Four days after CBS put two of its local television executives on administrative leave for alleged racist and sexist conduct, the ViacomCBS-owned company has instigated an external investigation into the potentially damning matter.
“We are committed to creating a company culture that is diverse, equitable and inclusive for all of members of our CBS and ViacomCBS community,” said Entertainment Group boss George Cheeks in an email to CBS Stations staff today (read the full correspondence below)
Proskauer Rose partner Keisha-Ann Gray has been “engaged” by CBS to conduct the investigation, Cheeks revealed. This all comes out of a LA Times piece published last week that detailed claims President of CBS Television Stations Peter Dunn and Senior Vice President, News David Friend “cultivated a hostile work environment that included bullying female managers and blocking efforts to hire and retain Black journalists.” Dunn was also said to have racist language in regards to CBS’ well respected Philadelphia news anchor Ukee Washington.
These newest claims come after years of CBS being accused over and over of condoning and covering up such behavior within its White Boy’s Club walls. In the #MeToo era, the spotlight has turned again and again to the likes of the apparently predatory conduct of former CEO Les Moonves to repeated indulged showrunners acting abysmally to women and people of color. There have also been reports of abusive behavior in such divisions as CBS News by top brass, as well as sexual harassment suits against former CBS Morning co-host Charlie Rose and secret payoffs and more up and down the hierarchy and across various divisions in the company.
On a number of those occasions when matters became public, outside lawyers like Proskauer Rose were brought onboard. In fact, the firm looked into claims at CBS News several years back and became involved in the probe of Moonves at a later date. Some of the claims about long time CBS execs Dunn and Friend reportedly came to light during the Moonves probe three years ago, but seemingly was never dealt with in any significant manner, a well positioned source say.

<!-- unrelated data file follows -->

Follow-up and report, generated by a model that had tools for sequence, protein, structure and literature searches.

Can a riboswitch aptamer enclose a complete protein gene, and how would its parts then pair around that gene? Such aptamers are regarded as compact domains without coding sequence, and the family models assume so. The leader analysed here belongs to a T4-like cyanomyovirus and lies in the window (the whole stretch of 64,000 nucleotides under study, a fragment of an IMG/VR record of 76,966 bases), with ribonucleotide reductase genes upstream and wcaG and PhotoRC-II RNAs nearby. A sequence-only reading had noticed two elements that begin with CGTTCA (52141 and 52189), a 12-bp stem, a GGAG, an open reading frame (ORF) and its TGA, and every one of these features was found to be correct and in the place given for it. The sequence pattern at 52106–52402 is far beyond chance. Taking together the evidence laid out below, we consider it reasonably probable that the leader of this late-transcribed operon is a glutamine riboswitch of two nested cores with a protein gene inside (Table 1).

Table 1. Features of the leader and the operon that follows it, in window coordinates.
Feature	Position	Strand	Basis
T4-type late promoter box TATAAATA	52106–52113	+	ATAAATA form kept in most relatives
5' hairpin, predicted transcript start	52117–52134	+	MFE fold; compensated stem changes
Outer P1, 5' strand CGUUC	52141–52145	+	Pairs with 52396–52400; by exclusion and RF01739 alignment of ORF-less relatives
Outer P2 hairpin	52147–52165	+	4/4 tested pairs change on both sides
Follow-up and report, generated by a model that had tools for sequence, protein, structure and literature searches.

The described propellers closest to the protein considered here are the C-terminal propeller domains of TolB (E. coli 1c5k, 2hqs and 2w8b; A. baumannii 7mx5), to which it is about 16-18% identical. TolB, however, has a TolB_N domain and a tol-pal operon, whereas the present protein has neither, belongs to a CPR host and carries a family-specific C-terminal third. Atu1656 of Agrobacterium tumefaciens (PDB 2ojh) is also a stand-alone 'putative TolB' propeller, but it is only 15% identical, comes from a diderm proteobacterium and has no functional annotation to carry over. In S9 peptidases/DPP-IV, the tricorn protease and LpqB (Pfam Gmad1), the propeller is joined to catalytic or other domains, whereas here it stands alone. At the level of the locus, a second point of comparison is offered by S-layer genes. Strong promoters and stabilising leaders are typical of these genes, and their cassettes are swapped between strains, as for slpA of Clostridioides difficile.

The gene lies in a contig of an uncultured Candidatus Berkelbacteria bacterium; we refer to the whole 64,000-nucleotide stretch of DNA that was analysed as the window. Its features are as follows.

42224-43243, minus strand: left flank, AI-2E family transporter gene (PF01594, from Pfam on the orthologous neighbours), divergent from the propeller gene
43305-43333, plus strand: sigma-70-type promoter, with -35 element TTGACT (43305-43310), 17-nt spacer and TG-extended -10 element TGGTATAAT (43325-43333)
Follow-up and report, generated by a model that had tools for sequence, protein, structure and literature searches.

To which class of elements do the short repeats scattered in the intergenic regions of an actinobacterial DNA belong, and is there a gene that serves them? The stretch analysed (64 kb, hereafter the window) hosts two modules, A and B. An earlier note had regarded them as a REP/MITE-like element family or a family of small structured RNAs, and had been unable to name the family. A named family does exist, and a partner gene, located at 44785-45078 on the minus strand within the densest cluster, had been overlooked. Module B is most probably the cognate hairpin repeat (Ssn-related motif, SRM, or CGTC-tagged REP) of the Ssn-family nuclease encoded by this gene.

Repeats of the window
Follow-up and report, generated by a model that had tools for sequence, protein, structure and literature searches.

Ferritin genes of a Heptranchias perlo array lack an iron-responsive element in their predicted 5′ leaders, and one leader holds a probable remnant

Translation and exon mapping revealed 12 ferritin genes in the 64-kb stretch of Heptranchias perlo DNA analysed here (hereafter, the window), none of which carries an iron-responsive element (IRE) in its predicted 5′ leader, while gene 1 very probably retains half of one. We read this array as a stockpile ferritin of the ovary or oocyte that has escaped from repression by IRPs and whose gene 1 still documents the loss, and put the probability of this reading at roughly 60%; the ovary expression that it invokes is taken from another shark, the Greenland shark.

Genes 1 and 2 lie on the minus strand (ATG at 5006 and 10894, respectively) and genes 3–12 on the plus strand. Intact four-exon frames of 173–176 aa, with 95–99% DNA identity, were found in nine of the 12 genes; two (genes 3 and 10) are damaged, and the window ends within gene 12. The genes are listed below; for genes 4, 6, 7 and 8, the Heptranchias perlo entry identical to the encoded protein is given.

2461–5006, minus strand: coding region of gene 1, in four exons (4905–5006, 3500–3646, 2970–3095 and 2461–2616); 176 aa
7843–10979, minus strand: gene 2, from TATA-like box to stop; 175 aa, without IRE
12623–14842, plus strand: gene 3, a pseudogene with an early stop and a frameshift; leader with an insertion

In such cases like the Moonves investigation and others, there were concerns that the lawyers were not always siloed off from their paymasters. Repercussions were commonly feared by employees who spoke up.
A state of affairs Cheeks, in his first such crisis like this, sought to allay today.
“I also understand that some employees many be hesitant to come forward and share their concerns, but I assure you that your voice will be heard and that we will act on the findings of the investigation both swiftly and appropriately,” a chastened Cheeks told staff on Friday in the latest corporate response to the allegations.
“To be clear: our company takes any allegation of misconduct very seriously, which is why we have moved quickly to engage an external investigator to conduct a review of this matter,” added ViacomCBS CEO Bob Bakish in an accompanying memo that was distributed widely in the corporation Friday. “Importantly, we are encouraging employees to assist in the investigation by coming forward to share their concerns,” Bakish noted.
“Please know that we prohibit any retaliation against an employee who does the right thing by speaking up,” Bakish also stated in what is a clear hope to get this most recent set of claims dealt with effectively. “Your participation is essential in our efforts to build a safe and inclusive workplace for everyone.”
Dunn and Friend were placed on leave on January 25. At that time CBS said that they would be instigating a third-party investigation.
“It is clear that there is a massive problem among CBS owned-and-operated stations, and in order for the company’s culture to be transformed, it must begin with the firing of Dunn and Friend,” the National Association of Black Journalists said earlier this week after meeting with CBS.
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